Review: All Life’s a Swirling Proscenium in ‘The Red Shoes’

Smooth flow and swirling action are also the strengths of Mr. Bourne’s choreography and direction. This production moves. But besides the set, its chief cleverness lies in its choice of music, a collage clipped from various film scores by Bernard Herrmann. It’s the sound of “The Ghost and Mrs. Muir” and Alfred Hitchcock, of high anxiety and romantic melodrama, with string sections desperately scaling musical cliffs and orchestral waves crashing.

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Mr. Gomes as Julian Craster. Credit Andrea Mohin/The New York Times

The deftness with which Mr. Bourne (aided by the arranger Terry Davies) makes Herrmann’s musical moods and cues serve his story gives sustained delight. The shoe keeps fitting.

The production’s achievements, though, are tangled up with its flaws. Crucial plot points can get lost in the bustle and detail. And Mr. Bourne’s push for efficiency — making a dance number work both as period flavor and plot advancement, quickly slipping in a dramatic turning point in the middle of something else — can shortchange or skirt character motivation and decision making.

Mr. Bourne is a master of surface style, and the abundance and variety of pastiche dance — from the stiff, hoppy ridiculousness of aristocrats to awful music hall numbers to an ample survey of between-the-wars ballet — is another pleasure, especially for connoisseurs. Yet all this affectionate parody leaves him without much of a straight mode. The anguished danced monologues share the atmosphere of parody.

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Ms. Mearns as Victoria Page. Credit Andrea Mohin/The New York Times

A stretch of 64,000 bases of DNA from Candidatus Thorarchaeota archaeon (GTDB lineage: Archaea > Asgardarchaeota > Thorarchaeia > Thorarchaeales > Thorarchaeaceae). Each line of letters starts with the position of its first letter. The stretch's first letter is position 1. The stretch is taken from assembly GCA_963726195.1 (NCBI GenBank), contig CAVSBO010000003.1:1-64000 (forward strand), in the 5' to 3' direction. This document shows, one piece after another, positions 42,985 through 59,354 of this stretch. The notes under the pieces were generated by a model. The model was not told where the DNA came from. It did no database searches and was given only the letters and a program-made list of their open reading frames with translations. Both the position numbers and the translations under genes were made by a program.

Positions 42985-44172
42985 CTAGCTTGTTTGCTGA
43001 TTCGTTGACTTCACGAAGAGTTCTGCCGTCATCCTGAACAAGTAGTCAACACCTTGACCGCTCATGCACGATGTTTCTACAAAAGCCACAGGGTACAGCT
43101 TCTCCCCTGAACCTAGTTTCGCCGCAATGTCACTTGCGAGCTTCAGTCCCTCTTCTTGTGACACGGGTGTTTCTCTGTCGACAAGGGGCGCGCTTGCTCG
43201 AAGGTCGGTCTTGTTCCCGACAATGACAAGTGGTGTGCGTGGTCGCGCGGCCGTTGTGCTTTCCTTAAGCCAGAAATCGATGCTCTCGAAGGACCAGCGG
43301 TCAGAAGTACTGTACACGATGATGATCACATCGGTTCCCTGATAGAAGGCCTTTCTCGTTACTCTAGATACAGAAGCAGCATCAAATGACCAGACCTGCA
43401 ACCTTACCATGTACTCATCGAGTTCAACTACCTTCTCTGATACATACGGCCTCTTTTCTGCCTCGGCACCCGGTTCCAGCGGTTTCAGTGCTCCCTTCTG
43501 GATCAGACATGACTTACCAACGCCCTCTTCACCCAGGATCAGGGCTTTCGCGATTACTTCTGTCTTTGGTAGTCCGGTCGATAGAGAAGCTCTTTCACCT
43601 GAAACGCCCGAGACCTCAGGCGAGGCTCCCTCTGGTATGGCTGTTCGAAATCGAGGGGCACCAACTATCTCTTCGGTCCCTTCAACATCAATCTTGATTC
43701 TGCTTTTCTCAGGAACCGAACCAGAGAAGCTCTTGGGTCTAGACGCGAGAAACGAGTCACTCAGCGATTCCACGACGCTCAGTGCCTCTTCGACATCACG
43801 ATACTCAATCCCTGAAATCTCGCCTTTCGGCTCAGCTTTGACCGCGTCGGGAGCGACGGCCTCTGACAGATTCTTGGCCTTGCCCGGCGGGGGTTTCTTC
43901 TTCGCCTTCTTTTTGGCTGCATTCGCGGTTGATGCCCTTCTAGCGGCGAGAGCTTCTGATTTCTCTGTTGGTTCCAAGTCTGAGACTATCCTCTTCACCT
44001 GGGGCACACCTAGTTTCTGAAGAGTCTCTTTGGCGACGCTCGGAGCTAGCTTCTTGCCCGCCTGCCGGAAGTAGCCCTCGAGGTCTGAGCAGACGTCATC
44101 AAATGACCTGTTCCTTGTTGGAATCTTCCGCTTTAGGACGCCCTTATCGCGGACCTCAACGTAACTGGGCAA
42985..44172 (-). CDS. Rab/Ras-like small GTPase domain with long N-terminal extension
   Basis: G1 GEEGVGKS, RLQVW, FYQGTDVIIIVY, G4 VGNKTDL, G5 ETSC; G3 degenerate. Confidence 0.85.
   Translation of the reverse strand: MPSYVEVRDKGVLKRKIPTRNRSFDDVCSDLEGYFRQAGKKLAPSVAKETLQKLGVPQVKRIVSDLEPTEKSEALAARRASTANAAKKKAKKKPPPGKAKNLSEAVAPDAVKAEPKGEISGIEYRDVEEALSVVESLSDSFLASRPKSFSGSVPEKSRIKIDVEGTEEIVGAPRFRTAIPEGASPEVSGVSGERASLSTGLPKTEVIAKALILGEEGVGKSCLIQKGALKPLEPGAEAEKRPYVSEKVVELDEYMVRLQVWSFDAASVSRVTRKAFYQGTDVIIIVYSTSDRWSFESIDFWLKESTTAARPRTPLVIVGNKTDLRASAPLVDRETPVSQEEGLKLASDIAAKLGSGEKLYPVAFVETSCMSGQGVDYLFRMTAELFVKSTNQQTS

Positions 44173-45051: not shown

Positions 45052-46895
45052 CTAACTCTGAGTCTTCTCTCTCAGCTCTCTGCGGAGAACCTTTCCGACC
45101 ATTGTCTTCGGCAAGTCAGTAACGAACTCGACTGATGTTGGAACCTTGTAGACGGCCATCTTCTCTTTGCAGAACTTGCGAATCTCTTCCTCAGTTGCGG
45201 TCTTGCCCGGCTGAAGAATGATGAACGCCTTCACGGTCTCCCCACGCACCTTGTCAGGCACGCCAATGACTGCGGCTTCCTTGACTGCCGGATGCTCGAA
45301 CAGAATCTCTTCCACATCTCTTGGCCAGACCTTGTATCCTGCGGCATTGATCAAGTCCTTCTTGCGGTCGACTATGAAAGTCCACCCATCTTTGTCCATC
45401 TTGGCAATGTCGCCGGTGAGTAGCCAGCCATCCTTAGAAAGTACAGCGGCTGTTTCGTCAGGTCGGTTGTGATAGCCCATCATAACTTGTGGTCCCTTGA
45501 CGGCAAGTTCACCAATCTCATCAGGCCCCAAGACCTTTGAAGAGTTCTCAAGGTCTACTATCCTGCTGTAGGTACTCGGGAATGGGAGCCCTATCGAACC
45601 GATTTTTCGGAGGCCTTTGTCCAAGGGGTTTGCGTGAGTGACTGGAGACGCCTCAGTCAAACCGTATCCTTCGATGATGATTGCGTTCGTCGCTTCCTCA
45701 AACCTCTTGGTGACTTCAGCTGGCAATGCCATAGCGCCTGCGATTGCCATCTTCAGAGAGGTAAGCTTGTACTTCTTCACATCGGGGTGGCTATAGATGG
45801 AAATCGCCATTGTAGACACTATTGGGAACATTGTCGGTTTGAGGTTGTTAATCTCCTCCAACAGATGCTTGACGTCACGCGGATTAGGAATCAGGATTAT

Meanwhile, the story has been streamlined and simplified, transformed into a standard love triangle. The tension in the film between Lermontov’s personal involvement and his principled objection to a ballerina’s marrying is absent. So is his religious devotion to ballet. Admittedly, these are difficult layers to convey without dialogue, but when Mr. Bourne has Lermontov moon over a statue of a shoe, the spiritual pursuit of beauty has been reduced to a foot fetish.

The show’s conception of Lermontov is characteristic of its swerving from the challenge of the film’s indelible performances. Anton Walbrook’s flamboyant portrayal of the impresario is, along with the saturated colors, the movie’s greatest glory. Sam Archer, who plays Lermontov in every New York performance of Mr. Bourne’s show, is dashing but subdued, buttoned-up British instead of larger-than-life Russian.

Despite Mr. Bourne’s tidying, he doesn’t take the opportunity to flesh out the love story between Vicky and Julian. As in the movie, it basically comes out of nowhere, though the thinness is more of a problem without a complicated Lermontov. Mr. Gomes, imparting Julian with his usual warmth and charisma, helped, but couldn’t redeem the role’s histrionic conducting. Ms. Mearns, out of her usual element, fit in fine, her sense of drama proving equal to the role’s acting demands, her performance only a tiny bit rougher than that of the first-cast Vicky, Ashley Shaw. (Ms. Mearns and Mr. Gomes, by the way, make an excellent couple: Company directors and casting agents take note.)

Where Mr. Bourne’s show most successfully breaks free of the original is in the “Red Shoes” ballet, the allegorical work that Lermontov and Julian make for Vicky. In a reverse homage to the movie’s surreal colors, Mr. Brotherston sticks to black and white and gray, and Mr. Bourne’s choreography finds its own stylized nightmare.

As for the rest, it can feel as conflicted as Vicky, not sure what movie it wants to be. Mr. Brotherston’s rotating set adroitly mixes up performance and rehearsal, art and life. When it stops spinning, it leaves you impressed and a little dizzy and not very moved.

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